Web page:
Winning its share of those games has been a problem for the ACC in recent years - one of the reasons no ACC team has made the BCS title game since Florida State at the end of the 2000 season.
Clemson coach Dabo Swinney said he's not worried about impressing the selection committee in future seasons. The Tigers play South Carolina every year. They will also play Georgia this year and next year.
"There's a lot of teams out there that can win all their games and still can't probably get in that [playoff] realm, but we don't have that problem at Clemson," Swinney said.
"You've got to remove all doubt. I want to have a schedule that allows us to compete at the highest level."
Hokies and Cavs
Over the past 10 seasons, the Hokies have not only played Alabama but also Texas A&M, Southern Cal, WVU, LSU, Nebraska and Boise State.
Because of the selection committee, expect to see more such games in coming seasons.
"We're trying to make it happen every year - have a quality [nonleague] opponent," Weaver said.
Virginia has played Southern Cal, TCU and Penn State in the past five years. Schedules in future years will include UCLA, Boise State, Oregon and Stanford.
UVa coach Mike London considers such foes helpful in the recruiting process.
"We'll play anybody ... because I think that's what's been productive for us to this point in terms of having young men interested in our program," London said. "We'll do our best to try to schedule teams that don't overwhelm us but at the same time bring a level of competition to Scott Stadium that people haven't seen in a while."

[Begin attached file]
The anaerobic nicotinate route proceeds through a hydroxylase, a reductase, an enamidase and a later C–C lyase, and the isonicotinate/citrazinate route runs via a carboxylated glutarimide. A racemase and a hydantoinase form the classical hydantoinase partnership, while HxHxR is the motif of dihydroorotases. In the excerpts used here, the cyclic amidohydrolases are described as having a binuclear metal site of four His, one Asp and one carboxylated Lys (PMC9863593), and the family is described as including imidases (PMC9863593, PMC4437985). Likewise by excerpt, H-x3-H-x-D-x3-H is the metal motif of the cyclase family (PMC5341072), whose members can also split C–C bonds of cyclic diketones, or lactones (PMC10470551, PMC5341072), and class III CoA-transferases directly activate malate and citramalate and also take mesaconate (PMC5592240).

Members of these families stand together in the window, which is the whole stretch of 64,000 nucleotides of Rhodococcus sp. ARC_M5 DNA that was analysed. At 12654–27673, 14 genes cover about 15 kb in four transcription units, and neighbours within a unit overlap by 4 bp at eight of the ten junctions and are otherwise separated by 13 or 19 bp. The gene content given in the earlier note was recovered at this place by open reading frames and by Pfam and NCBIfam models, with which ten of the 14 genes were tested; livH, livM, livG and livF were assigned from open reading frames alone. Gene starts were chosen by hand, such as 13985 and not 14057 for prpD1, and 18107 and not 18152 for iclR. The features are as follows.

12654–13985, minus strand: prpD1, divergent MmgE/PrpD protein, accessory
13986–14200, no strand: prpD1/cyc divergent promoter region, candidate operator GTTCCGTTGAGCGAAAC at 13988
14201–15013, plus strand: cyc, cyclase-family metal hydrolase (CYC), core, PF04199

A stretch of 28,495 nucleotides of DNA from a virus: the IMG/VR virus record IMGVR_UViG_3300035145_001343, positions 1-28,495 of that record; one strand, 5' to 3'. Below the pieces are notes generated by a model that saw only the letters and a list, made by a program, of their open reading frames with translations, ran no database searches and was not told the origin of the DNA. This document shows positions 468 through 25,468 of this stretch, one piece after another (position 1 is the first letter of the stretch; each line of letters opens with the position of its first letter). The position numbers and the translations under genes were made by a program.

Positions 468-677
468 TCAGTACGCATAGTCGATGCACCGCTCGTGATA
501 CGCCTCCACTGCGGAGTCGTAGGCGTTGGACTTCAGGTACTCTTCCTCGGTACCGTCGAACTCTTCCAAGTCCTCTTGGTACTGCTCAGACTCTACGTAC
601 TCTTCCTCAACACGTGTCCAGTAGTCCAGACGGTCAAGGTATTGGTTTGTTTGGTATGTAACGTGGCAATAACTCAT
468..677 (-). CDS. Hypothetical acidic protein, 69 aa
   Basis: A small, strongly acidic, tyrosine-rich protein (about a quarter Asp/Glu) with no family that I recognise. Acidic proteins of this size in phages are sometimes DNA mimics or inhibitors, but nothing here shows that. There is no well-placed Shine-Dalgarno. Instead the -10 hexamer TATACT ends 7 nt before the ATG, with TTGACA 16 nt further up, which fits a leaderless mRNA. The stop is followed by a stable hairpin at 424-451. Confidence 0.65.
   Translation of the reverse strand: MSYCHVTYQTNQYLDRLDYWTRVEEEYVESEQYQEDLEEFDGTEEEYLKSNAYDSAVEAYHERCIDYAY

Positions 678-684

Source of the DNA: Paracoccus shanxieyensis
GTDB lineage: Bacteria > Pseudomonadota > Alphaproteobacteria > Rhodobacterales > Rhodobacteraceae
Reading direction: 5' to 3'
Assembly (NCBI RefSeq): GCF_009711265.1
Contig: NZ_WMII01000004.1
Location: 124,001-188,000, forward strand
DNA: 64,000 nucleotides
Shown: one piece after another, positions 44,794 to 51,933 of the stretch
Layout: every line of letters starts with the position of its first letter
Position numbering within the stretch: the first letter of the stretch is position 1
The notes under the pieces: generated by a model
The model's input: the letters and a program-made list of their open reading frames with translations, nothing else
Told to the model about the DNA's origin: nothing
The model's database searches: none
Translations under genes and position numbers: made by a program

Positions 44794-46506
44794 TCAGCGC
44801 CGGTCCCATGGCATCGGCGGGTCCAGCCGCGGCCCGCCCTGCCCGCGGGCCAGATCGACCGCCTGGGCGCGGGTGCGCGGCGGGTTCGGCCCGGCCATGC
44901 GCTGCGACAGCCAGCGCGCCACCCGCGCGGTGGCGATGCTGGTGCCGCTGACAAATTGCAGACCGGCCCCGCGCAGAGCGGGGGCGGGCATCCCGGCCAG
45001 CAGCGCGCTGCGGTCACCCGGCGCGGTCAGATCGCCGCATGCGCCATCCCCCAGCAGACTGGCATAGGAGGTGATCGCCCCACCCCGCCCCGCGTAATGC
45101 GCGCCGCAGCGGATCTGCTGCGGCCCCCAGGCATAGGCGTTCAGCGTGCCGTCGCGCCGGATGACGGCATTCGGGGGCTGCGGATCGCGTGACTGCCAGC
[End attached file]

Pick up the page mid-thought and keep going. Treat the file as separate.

Beginning next year, ACC teams' schedule strengths will get a boost because Notre Dame will play five ACC squads each season.
The years in which it is their turn to face the Fighting Irish, Tech and UVa should have particularly tough schedules because they do not want Notre Dame to be their only big-name nonleague foe in those seasons. In 2015, for example, UVa will not only face Notre Dame but also UCLA and Boise State.
"That's a full plate for sure, ... but I welcome the challenge of that because that's what young men want to do, they want to play teams like that," London said.
The nonleague schedules of Tech, UVa and other ACC squads don't include only heavyweights, though.
Big Ten schools recently decided to phase out FCS (formerly known as Division I-AA) teams from their nonleague schedules. But no such ban is planned in the ACC.
Tech will host Western Carolina this year, with William and Mary, Furman, Liberty, Richmond and Delware on future schedules. UVa will host VMI this season, with Richmond and William and Mary on future schedules.
Weaver said it is easier for Big Ten schools to adopt an FCS ban because they still have Mid-American Conference teams in their backyard.
Eight or nine?
The ACC had planned to switch from an eight-game conference schedule to a nine-game conference schedule, but that idea was scrapped last year in the wake of Notre Dame agreeing to play five ACC teams each year.
Swinney said he likes having only eight conference games.
"It gives us the flexibility to ... have the type of schedule that we want," he said.
That's a big reason the nine-game plan was scrapped. Clemson, Florida State and Georgia Tech are each locked into an annual nonconference game with an intrastate rival (Clemson-South Carolina, FSU-Florida and Georgia Tech-Georgia). Playing their rival plus nine ACC games and also the Fighting Irish in some years would not have left FSU, Clemson and Georgia Tech with much scheduling flexibility.
But Weaver, who doesn't have that trio's problem, would love to switch to a nine-game conference schedule.
"It helps everybody's strength of schedule," he said.
He said it would also cut down on the need to pay teams such as 2014 foe Western Michigan to visit Lane Stadium.
"It's very difficult and it's costly to get nonconference 'buy' games, so I'd rather have another conference opponent," Weaver said.